Japanese swimmer Rikako Ikee became the first Asian female athlete to be named most-valuable player at an Asian Games on Sunday (02/09) after she scooped an unprecedented six gold medals in the international multisport event this year. (Antara Photo/Inasgoc/Sigid Kurniawan)
Jakarta. Eighteen-year-old Japanese swimmer Rikako Ikee became the first female Asian athlete to be named most valuable player at an Asian Games on Sunday (02/09) after she scooped an unprecedented six gold medals in the international multisport event this year.
The six gold medals, earned in the 50-meter and 100-meter freestyle, and 50-meter and 100-meter butterfly events, were achieved in record times. Ikee also won two silver medals.
“I am so happy. I was actually shocked [by the award],” Ikee said after receiving the trophy and $50,000 in prize money.
She is the fourth Japanese athlete to win the MVP title and the second swimmer from that country to receive such award.
Japan won 19 gold medals in swimming alone at the 2018 Asian Games.
Yasuhiro Yamashita, chef de mission of the Japanese contingent, told reporters in Jakarta on Sunday that the country’s achievement at this year’s event exceeded all expectations.
Ikee won all her individual events – the 50-meter and 100-meter freestyle, as well as the 50-meter and 100-meter butterfly – and she was part of the teams that won gold in the 4×100-meter freestyle and 4×100-meter medley relays.
She was also part of the teams that won silver in the 4×200-meter freestyle and mixed 4×100-meter medley relays.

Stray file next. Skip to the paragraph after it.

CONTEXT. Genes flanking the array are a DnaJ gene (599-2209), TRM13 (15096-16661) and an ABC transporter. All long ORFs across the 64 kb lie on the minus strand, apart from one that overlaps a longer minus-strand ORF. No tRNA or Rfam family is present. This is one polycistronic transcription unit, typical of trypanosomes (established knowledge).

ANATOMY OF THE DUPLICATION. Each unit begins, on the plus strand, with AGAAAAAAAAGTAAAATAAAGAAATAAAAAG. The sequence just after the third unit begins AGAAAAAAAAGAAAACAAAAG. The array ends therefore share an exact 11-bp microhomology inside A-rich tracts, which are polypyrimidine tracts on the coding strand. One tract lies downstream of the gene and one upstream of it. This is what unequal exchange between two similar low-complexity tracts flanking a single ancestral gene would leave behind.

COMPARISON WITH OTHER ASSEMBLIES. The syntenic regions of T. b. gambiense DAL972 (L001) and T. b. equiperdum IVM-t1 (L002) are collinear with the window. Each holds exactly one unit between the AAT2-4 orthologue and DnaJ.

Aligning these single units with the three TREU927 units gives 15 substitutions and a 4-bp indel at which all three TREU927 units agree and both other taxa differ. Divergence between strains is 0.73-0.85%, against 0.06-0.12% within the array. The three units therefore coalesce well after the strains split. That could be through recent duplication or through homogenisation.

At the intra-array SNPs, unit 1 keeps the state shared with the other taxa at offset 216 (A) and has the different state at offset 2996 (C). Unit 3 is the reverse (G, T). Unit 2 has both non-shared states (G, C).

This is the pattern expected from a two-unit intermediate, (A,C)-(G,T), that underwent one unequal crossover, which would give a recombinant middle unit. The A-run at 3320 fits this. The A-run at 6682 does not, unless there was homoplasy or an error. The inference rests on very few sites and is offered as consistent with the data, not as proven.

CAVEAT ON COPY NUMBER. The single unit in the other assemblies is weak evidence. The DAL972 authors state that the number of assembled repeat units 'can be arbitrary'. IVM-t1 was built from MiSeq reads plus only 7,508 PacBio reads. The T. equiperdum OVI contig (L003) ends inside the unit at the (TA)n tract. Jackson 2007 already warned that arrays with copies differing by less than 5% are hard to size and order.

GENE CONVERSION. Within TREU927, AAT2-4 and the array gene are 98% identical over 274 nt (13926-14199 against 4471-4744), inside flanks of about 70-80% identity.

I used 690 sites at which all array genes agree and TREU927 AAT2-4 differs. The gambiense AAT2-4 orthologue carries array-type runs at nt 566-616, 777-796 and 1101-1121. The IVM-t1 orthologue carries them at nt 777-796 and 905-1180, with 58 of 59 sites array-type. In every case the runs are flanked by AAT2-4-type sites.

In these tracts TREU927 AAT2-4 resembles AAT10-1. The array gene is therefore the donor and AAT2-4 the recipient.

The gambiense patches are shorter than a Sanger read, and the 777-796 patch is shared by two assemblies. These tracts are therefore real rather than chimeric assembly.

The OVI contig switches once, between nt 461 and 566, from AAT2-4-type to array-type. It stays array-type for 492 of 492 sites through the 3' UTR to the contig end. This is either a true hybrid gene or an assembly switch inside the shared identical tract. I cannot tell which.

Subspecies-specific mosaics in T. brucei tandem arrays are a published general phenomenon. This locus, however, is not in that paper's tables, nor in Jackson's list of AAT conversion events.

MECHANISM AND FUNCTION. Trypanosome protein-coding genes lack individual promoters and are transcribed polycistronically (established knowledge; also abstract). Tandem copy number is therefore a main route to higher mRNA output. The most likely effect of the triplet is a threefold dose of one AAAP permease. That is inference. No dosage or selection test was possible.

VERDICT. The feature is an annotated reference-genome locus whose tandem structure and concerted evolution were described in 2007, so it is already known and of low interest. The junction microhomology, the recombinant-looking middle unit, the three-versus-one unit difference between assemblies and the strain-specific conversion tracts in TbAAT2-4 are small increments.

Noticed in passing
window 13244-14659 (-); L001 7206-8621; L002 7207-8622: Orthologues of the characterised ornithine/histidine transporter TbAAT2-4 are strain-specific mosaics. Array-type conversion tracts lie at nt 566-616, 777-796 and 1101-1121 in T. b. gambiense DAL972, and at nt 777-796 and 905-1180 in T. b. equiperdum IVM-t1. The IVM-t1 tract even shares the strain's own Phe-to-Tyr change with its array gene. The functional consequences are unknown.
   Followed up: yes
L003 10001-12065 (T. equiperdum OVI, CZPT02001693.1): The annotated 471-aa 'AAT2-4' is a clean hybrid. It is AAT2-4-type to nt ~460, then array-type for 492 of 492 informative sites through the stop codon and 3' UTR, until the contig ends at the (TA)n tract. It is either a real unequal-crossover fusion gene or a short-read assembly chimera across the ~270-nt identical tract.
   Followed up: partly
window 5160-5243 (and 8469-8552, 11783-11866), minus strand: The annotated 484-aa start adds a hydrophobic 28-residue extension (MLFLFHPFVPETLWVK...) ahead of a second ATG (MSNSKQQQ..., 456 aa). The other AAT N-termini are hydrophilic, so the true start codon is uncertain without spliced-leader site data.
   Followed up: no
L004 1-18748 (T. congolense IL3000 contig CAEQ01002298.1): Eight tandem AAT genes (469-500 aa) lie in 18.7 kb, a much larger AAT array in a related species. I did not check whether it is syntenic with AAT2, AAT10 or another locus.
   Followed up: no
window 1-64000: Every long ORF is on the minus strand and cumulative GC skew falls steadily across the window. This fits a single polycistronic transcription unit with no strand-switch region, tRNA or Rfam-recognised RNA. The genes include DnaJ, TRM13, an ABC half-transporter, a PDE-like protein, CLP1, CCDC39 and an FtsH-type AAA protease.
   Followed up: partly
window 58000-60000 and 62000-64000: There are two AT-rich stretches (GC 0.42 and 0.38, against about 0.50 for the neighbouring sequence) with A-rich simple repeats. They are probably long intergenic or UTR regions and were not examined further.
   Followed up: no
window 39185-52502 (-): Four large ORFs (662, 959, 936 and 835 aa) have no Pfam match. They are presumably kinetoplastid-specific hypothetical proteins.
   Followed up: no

Ikee has set a Japanese record with her six gold medals, exceeding the five Yoshimi Nishigawa won at both the 1970 and 1974 Asian Games.
Before the start of year’s Asian Games, Ikee said she hoped to be named most valuable player and follow in the footsteps of Kosuke Kitajima and Kosuke Hagino, who both went on to become Olympic gold medalists two years after receiving the award.
Kitajima won the 100-meter and 200-meter breaststroke at the 2004 Athens Olympics and Hagino the 400-meter individual medley at the 2016 Summer Games in Rio de Janeiro.
Ikee recently drew attention after breaking several national records. In her Olympic debut in Rio, she finished fifth and set a national record of 56.86 seconds in the 100-meter butterfly – her favorite event.
She set the world’s fastest time in the event this season at the Pan Pacific Swimming Championships in Tokyo on Aug. 11, when she finished in 56.08 seconds, exceeding the time of 56.23 seconds Olympic champion Sarah Sjostrom clocked in the final of the European Championships a week earlier.
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